Football had a profoundly positive impact on my college experience. Surely, I am not alone. But some do not see the sport's value.
Intelligence Squared hosted a debate Tuesday evening, the topic of which was if football should be banned from colleges and universities. To say the conversation was meandering would be a generous recap. The four-man panel of Buzz Bissinger, Malcolm Gladwell, Tim Green and Jason Whitlock.
Such a suggestion seems far fetched, if not outright laughable when one considers the billions invested in the game. It is not a resolution with which I agree, an opinion likely shared with those reading. That does not mean the supporting opinion was completely without merit.
Bissinger and Gladwell are prominent personalities on the media landscape, and intelligent men. On this topic though, their suggested solution to the problem could not be any further off the mark.
Bissinger assailed seven-figure coaching contracts amid academic budget cuts and rising tuition. Look no further than the University of Arizona for the fiduciary problems plaguing academia. In a state ranked near the bottom for education, UA has struggled for funding. Tuition has increased almost annually, yet remains one of the more affordable universities in the country.
Meanwhile, new head coach Rich Rodriguez recently signed a $9.55 million contract. Equating coaching salaries and tuition is nothing new, but it's comparing apples and oranges. Alligator Army had an outstanding piece on this topic last month. In Tucson, the UA Foundation plays a vital role in aiding the athletic department
Gladwell addressed what I believe should be the chief concern of everyone involved in football today, from coaches and players to fans, that being head trauma. However, the surface of the issue was barely scratched, mostly invoked when Gladwell repeatedly claimed something to the effect of banging your head doesn't merit a scholarship.
Frankly, a Whitlock-Bissinger debate would have been far more interesting.
Those tuning in hoping Bissinger would erupt on an obscenity laden tirade akin to his outburst that set the bar for vulgarity in HBO Sports were disappointed -- a bar Artie Lange would not only surpass but eviscerate, but I digress.
The two sometimes crass columnists curbed the antics for which they are known to lead the back-and-forth.
Bissinger's foundation argument is football has no impact on the educational experience. To that, one can cite the many athletes who use football as a stepping stone to an education that might otherwise elude them. Whitlock countered with that point.
Football can become a gateway to a better future. At UA, athletics and academics share a symbiotic relationship. I got to experience this relationship firsthand, working on a series for The Daily Wildcat. Athletes are largely held to a higher standard than the general student population, of which I belonged.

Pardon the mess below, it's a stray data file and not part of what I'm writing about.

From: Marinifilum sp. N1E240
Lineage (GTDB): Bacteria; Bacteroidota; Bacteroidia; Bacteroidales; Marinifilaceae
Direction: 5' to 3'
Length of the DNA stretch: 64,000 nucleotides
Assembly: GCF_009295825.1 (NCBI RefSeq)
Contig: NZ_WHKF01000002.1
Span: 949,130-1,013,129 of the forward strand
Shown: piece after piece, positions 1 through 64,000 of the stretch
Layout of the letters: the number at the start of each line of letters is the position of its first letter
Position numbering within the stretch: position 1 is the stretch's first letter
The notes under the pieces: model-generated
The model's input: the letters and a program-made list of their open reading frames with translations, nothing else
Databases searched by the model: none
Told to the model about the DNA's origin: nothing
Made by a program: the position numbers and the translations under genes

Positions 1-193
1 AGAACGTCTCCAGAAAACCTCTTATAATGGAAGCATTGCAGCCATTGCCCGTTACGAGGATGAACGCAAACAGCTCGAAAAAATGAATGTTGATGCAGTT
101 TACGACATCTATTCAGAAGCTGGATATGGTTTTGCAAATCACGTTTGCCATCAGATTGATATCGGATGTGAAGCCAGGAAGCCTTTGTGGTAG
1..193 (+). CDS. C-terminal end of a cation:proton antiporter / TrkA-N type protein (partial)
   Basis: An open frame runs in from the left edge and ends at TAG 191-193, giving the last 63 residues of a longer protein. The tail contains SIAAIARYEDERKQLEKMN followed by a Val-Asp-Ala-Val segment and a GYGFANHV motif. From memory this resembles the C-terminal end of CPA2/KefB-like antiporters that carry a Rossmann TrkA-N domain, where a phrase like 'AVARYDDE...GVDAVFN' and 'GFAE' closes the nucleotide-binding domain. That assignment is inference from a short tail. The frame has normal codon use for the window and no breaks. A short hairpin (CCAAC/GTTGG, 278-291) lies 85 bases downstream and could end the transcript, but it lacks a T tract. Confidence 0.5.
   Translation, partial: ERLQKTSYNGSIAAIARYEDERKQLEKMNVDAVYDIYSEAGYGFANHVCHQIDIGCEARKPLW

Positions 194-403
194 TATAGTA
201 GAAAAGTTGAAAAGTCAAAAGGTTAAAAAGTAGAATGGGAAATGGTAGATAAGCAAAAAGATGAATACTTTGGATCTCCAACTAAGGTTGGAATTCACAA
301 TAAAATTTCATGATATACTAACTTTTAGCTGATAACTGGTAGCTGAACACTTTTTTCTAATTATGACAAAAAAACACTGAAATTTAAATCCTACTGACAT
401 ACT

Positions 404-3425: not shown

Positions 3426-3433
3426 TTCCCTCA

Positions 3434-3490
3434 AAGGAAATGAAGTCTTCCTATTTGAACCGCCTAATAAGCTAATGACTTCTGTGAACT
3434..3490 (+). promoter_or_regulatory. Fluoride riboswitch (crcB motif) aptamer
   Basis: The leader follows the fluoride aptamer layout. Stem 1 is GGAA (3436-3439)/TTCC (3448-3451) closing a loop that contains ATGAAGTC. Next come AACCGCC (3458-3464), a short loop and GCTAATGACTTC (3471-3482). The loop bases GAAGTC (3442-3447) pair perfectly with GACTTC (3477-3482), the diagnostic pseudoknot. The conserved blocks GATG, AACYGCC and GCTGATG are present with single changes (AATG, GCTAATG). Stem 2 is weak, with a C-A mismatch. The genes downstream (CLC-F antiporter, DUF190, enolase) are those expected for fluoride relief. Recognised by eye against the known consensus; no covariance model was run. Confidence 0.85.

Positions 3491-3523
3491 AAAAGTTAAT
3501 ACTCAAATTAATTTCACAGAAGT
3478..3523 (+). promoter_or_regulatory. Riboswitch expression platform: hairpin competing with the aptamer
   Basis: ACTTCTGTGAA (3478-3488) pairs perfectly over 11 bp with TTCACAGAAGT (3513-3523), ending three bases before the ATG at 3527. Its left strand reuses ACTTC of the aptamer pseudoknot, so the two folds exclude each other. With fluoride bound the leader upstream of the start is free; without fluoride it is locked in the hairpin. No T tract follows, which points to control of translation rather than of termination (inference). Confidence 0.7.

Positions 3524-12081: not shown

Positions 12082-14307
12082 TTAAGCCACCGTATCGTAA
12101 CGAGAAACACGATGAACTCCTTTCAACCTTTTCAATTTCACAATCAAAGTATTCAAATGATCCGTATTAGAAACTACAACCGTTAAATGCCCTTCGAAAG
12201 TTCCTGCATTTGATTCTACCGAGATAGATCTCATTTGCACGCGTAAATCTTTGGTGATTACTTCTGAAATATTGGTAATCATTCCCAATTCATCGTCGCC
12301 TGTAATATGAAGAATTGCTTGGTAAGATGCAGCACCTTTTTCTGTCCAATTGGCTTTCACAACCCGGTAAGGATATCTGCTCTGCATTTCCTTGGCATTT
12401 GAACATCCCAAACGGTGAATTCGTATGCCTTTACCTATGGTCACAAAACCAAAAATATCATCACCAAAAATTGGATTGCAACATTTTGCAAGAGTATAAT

Bissinger took on the general student population as well, blaming football for a devaluation of academia. He even invoked Faber College's Dean Vernon Wormer for one of his points.
No, seriously. He said "football makes you drunk and stupid."
Football impacted my education directly. I covered the football team early into Mike Stoops' tenure and received applicable experience to my degree. With all due respect to the many outstanding professors I had, that gig was as vital to my development as any class.
Further, it provided me countless memories from a special time in my life. That ties into a point of opposition against Gladwell and Bissinger, who seemingly advocate a university environment committed exclusively to producing workers as opposed to well-rounded adults.
Attend any football game, and there are no shortage of examples supporting Bissinger's assessment of drunk, ill-behaved. Then again, how is this any different from all facets of life in which large groups convene?
College is about education, and education is a word we immediately associate with syllabuses, lectures, Scantron sheets and No. 2 pencils. However, a college education is also about learning to function with ones peers.
Walk the university mall on football Saturday, and literally thousands share a common area. They interact with one other, exchange high fives, offer food and drinks to total strangers regardless of orientation. The color of skin matters not, because colors of far more significance overshadows it: red and blue.
Kevin Zimmerman cited an outstanding New York Times feature on the pre-game scene at Ole Miss, a university with historical incidents of racial tension. There in a place American history equates with ignorance exists an epicenter of cultural enlightenment. Football is its centerpiece.
Gladwell dismissed an audience member who addressed football's place in the college experience. For an individual like Gladwell who seems to have no interest in the sport, and further no understanding of its sociological place, it doesn't make sense. But when you experience, truly experience a college football atmosphere, it impacts you.
Are there changes that can be made to improve the state of college football? Absolutely. Do the game's merits outweigh these flaws? Without a doubt.